Gartner's Peter Sondergaard opened the research giant's 2016 Symposium and ITxpo on Monday by imploring the overflow crowd of tech leaders that it was time to think bigger than just business and IT. The platforms that CIOs and other IT chiefs will lead in the years ahead are going to lay the foundation for a new digital society that we will hand off to coming generations.
While many of today's CIOs are bogged down in doing more with less and struggling to keep up with the relentless pace of the tech industry, "it's time to build again," Sondergaard told them.
"A bright future is hanging in the balance, but the digital world is in a constant state of upgrade," he said. "You can do more than cope, you can do more than manage... You can lead and build a brighter civilization"
He called today's CIOs "builders of a new type of infrastructure."
Sondergaard said Gartner had three recommendations for businesses, governments, and other large organizations:
Treat IT investment as assets (and not just costs)
Build the new digital platform (the heart of digital transformation)
Reorganize for digital (including the annual budget cycle)
"The new digital platform we're talking about today extends beyond traditional IT infrastructure," Sondergaard explained, but added that "high performing IT systems are critical to [its] success."
The biggest bomb Sondergaard dropped in his recommendations for how to do this involved changing the once-a-year IT budget process.
"In this accelerated world, we will discover the limits created by the annual budgeting cycle," he said. In order to keep up, he asserted that organizations will need to transition to a continual budgeting process for tech. He acknowledged that it will be a shock to the system of most companies based on how they're organized today.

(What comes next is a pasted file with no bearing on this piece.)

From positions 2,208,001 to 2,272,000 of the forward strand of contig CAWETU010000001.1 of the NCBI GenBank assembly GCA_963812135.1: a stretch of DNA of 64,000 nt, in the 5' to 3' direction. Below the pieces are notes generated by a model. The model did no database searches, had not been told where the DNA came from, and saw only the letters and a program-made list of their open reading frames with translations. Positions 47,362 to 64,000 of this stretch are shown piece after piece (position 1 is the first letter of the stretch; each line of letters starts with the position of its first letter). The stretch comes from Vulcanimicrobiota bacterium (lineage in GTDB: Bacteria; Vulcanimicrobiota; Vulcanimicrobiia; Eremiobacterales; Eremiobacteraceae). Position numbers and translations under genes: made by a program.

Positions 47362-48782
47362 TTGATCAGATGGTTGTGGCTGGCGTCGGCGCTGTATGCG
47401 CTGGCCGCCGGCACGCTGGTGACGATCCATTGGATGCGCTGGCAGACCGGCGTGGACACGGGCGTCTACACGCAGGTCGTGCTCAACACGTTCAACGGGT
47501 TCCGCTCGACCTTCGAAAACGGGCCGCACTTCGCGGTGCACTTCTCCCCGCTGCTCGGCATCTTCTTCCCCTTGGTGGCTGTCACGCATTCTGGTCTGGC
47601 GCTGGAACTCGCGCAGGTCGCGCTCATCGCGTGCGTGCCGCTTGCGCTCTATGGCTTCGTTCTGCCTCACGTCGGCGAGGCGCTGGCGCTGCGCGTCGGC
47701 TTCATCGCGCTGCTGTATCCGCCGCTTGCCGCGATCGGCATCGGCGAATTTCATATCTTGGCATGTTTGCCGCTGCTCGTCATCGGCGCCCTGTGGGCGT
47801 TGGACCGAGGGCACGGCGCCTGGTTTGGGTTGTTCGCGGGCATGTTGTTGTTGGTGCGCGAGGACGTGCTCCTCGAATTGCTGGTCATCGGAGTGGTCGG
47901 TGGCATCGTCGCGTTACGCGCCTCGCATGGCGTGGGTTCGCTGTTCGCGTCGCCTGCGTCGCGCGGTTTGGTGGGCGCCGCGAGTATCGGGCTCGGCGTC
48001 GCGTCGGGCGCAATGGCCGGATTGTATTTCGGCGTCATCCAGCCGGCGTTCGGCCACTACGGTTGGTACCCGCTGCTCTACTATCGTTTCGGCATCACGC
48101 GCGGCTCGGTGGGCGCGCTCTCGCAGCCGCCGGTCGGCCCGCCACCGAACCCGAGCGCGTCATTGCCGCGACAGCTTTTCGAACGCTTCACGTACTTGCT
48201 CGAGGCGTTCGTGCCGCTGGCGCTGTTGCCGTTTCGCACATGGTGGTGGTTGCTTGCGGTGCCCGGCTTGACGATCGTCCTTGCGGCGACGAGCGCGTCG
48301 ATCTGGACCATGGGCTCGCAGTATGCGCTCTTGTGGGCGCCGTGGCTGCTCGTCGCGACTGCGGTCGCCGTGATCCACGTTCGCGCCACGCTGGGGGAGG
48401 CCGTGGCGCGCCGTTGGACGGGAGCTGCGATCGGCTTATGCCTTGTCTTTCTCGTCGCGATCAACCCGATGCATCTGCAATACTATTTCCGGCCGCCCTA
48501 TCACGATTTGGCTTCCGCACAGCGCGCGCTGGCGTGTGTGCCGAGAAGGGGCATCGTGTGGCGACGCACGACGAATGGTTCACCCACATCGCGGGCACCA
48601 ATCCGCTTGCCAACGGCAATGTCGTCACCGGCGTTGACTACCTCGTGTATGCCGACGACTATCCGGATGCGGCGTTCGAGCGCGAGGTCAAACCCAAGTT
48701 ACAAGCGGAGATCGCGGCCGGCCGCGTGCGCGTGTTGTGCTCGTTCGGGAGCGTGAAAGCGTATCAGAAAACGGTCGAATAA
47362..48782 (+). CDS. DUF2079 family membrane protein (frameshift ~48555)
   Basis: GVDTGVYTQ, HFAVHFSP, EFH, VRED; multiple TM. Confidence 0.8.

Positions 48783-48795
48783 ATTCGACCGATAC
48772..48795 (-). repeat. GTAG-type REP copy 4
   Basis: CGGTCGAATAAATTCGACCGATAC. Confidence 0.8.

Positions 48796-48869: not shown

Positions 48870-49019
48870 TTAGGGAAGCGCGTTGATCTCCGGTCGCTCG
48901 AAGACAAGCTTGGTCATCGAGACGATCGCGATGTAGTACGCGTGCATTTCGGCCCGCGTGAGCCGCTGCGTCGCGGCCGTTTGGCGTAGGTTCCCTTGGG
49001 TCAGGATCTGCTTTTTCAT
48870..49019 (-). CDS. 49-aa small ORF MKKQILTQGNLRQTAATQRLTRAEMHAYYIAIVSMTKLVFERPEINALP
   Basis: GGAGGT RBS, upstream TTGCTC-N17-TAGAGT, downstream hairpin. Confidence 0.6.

But, that's what it will take to deliver the "new digital platform" that will be the foundation of not only next-generation companies, but society itself. Sondergaard compared it to other groundbreaking advances such as the power grid, public water, and mass communications with radio and TV.
We could also simply view this as an outgrowth of the growing sophistication of the internet, which is continuing to embed itself deeper into every aspect of work and life--and is about to take a big leap forward with the explosion of the Internet of Things.
Nevertheless, Sondergaard said that this new digital platform that transcends traditional IT will become the responsibility of tech leaders if they change their mindset and step up to actually lead. It will have five building blocks:
IT systems - "We have to clean up our traditional in-house systems and infrastructure."
Customers - "The relationship you have with your customer is the relationship your systems have with your customer in the moment."
Things - "IoT is the new cross-disciplinary area for IT."
Intelligence - "Artificial intelligence moves at the speed of data, not at the speed of code upgrades."
Ecosystems - "Ecosystems are the next evolution... It's how you compete at scale."
It's important to note that ecosystem in this context is referring mostly to creating APIs to let your partners and your community interact more deeply. Sondergaard said APIs "are as important to your ecosystem as synapses are to the brain."
He also acknowledged to all the IT leaders in the room that "many of you are under pressure to take out cost." Sondergaard said that high performing organizations are increasing their tech spend, while also constantly removing or lowering whatever costs they can. He emphasized that the two go hand in hand--if you develop a reputation for always removing unneeded costs then you'll win the confidence to get more investment.
But, to get to the next level of building the digital platform of the future, CIOs will have to change their mindsets and lead "not by control, but by influence."
Plenty of CIOs and IT leaders in the audience were probably wondering how they're going to do that when their money and their staff are already stretched too thin. However, the idea of transitioning to more of an architect and a builder than a operator must have been appealing because the room greeted Sondergaard's vision enthusiastically.
"Get it right," he said, "and we, our children, and our children's children will prosper."